Interview with Enterprise Rent-A-Car

Published on EV Update (

Greg Tabak, Enterprise Rent-A-Car

Posted by obalch [1] on Oct 10, 2012

EV Update talks to Greg Tabak about the roll-out of EVs in Enterprise Rent-A-Car’s Southern Californian rental fleet.

Greg Tabak is director of business sales for Enterprise [2]’s Southern California Electric vehicle/Hybrid operations.

EV Update: What kind of EV offering does Enterprise Rent-a-Car currently have for its rental customers?

Greg Tabak: At the present time, we have twelve electric vehicle rental locations in Southern California, which all have different types of charging infrastructure. Since the beginning of the year, we’ve added hybrid electrics, such as the plug-in Prius, into our fleet as well. Additionally, we’ve added more Chevy Volts to our fleet. So now we have a bigger portfolio of vehicles to rent at these locations.

EV Update: What’s the utilisation rate of the EVs in your rental fleet?

Greg Tabak: It’s more than 60 percent. It’s not where we would hope or expect it to be. There are a lot of people that are uneasy about the technology and there’s still a major lack of [consumer] education. Even though there is significant infrastructure development in many markets, it’s not vast enough for people to know where it is or how to find it. How to access it [EV charging infrastructure] is a problem too. Although the current range of 100 miles is suufient for most people, people perceptions is that it is not.

This all adds to a more complicated situation. There needs to be more education available so people feel comfortable with Electric vehicles and Alternative Fuels in general. It has to be a combined effort. That said, I believe the ability to get people driving an EV and getting them comfortable with the technology is important. That’s why having EVs as an option for our rental customers is a good thing.

EV Update: Most charging stations in California are Level II. How do your customers feel about Level II as a charging option?

Greg Tabak: Our average local car replacement customer doesn’t have a very strong appetite for Level II charging. Very often, we give them the car fully charged. If they are going to go within a limited geographic area, it’s unlikely that they are going to need charging during the day. So it’s not a major problem for our home city customers. We provide them with a Level I adaptor with the car and we show them how to charge at home. I see that this [Level II] could become a bigger problem if we expand to our airport customers. If customers fly in and go about their business, that’s when they are going to need Level III charging. Or for people taking longer trips. It’s fair to say that our customers would pay to fill up at a Level III station because they are out of there in 15 or 20 minutes. But it’s unlikely that they are going to pay $1.5 per hour to sit in a Level II station for three or four hours.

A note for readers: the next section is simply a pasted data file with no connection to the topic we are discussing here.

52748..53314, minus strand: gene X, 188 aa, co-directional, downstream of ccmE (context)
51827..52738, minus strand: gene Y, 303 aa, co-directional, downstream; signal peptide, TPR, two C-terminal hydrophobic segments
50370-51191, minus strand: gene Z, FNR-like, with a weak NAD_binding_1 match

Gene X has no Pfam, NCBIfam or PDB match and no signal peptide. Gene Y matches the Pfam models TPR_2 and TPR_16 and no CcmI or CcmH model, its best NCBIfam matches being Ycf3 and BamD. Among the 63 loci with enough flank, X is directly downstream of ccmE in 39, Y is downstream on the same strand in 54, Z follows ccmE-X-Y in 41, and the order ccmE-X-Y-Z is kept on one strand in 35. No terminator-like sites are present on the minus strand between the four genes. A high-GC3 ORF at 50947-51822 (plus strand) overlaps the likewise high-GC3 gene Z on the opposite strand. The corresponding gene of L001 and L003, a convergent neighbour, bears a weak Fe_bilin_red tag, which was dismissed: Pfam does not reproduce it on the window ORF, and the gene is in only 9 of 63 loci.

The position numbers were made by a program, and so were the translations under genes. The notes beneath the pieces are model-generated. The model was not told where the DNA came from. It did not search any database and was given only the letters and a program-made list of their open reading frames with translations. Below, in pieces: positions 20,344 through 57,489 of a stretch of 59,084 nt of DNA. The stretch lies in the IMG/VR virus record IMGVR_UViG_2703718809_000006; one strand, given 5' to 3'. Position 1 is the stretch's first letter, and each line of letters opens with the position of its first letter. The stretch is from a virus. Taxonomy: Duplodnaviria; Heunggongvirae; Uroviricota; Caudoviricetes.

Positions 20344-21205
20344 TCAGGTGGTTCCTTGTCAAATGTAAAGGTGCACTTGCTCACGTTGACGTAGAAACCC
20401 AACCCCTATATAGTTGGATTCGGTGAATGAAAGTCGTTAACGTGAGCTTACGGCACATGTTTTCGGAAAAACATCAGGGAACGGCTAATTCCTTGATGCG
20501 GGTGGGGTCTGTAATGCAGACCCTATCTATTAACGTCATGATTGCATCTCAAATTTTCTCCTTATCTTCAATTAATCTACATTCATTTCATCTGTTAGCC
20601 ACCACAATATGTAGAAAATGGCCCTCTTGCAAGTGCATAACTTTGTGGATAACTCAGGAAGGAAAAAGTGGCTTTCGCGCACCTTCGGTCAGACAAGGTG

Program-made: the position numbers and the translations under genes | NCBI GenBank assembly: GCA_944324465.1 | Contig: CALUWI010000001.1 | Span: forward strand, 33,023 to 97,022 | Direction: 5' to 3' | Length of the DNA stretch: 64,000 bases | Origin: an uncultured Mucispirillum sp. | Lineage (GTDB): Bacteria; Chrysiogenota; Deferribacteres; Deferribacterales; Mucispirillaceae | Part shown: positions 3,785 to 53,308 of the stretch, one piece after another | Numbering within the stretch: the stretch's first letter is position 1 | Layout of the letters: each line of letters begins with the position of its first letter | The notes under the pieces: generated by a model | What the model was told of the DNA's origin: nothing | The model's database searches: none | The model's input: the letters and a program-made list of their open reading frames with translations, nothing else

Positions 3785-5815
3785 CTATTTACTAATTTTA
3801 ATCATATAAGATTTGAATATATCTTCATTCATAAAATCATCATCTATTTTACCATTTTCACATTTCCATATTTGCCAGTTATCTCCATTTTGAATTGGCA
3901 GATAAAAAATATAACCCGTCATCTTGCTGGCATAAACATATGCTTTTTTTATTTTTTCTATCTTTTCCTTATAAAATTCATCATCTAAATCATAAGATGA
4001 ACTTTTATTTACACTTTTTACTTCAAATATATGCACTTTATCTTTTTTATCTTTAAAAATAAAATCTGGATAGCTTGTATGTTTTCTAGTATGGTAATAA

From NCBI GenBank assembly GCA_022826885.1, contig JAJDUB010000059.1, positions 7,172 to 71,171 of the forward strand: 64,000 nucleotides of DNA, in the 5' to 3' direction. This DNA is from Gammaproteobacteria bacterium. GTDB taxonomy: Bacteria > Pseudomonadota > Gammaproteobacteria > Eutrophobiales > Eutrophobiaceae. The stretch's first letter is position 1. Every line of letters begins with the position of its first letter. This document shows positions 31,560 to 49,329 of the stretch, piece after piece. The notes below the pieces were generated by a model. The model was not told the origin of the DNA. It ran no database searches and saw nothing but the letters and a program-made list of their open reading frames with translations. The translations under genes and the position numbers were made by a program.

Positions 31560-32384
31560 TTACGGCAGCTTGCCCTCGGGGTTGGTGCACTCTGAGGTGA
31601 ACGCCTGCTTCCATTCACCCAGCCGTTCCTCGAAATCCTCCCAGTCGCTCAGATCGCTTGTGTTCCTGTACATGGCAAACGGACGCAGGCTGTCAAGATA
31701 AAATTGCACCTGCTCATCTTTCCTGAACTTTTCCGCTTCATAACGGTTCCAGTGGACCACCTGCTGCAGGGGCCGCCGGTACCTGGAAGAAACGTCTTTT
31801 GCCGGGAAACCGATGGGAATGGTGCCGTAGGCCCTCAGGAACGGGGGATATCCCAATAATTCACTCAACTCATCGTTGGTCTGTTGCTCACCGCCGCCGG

EV Update: Are you taking any steps to offer Level III charging then?

Greg Tabak: We ran a recent pilot in the Texas market with eVgo, offering Level III charging in the Texas and Houston areas. Customers were offered free access to eVgo’s Freedom Stations. The pilot enabled us to see how important Level III might be for our customers. What we found was that the access to rapid charging gave our customers a bit more peace of mind. It also gave them the ability to utilise the vehicles for what they are designed for without much hesitation.

Traditionally, if someone were to rent an electric vehicle, they would be worried about having access to charging infrastructure and having the time they need to charge the vehicle appropriately to get it back. With Level III charging, they obviously don’t have those issues. So by strategically placing Level III charging along travel corridors, people can charge quickly and then getting going to where they need to be. In general, we found customers were using the infrastructure much more than Level II charging stations.

EV Update: As well as the time required for charging, does the payment process for charging present an issue for rental customers?

Greg Tabak: Yes. We are currently offering both the Blink and Coulomb charge cards to our customers. We’ve had moderate success with usage on these. Free access to chargers is dissipating right now. Because of where Level II charge stations are located, people often need to pay for access – either for the cost of parking, or because the [charger] host is charging a fee. Access is difficult because there are so many different charging networks currently in operation. We can’t give our customers a key with twelve key-cards attached to it.

We need a centralised mechanism where they can use one card or their credit card for charging. The alternative is a business-style account where we could capture the usage and then bill the customer on their account accordingly, just as we’d do with a transponder for toll-roads and the like. We’re talking about this, but there’s really no solution out there at the moment. Every charging station manufacturer wants to have their own proprietary system and their own card and network. They don’t really want to connect the dots. That’s the problem we’re currently running into.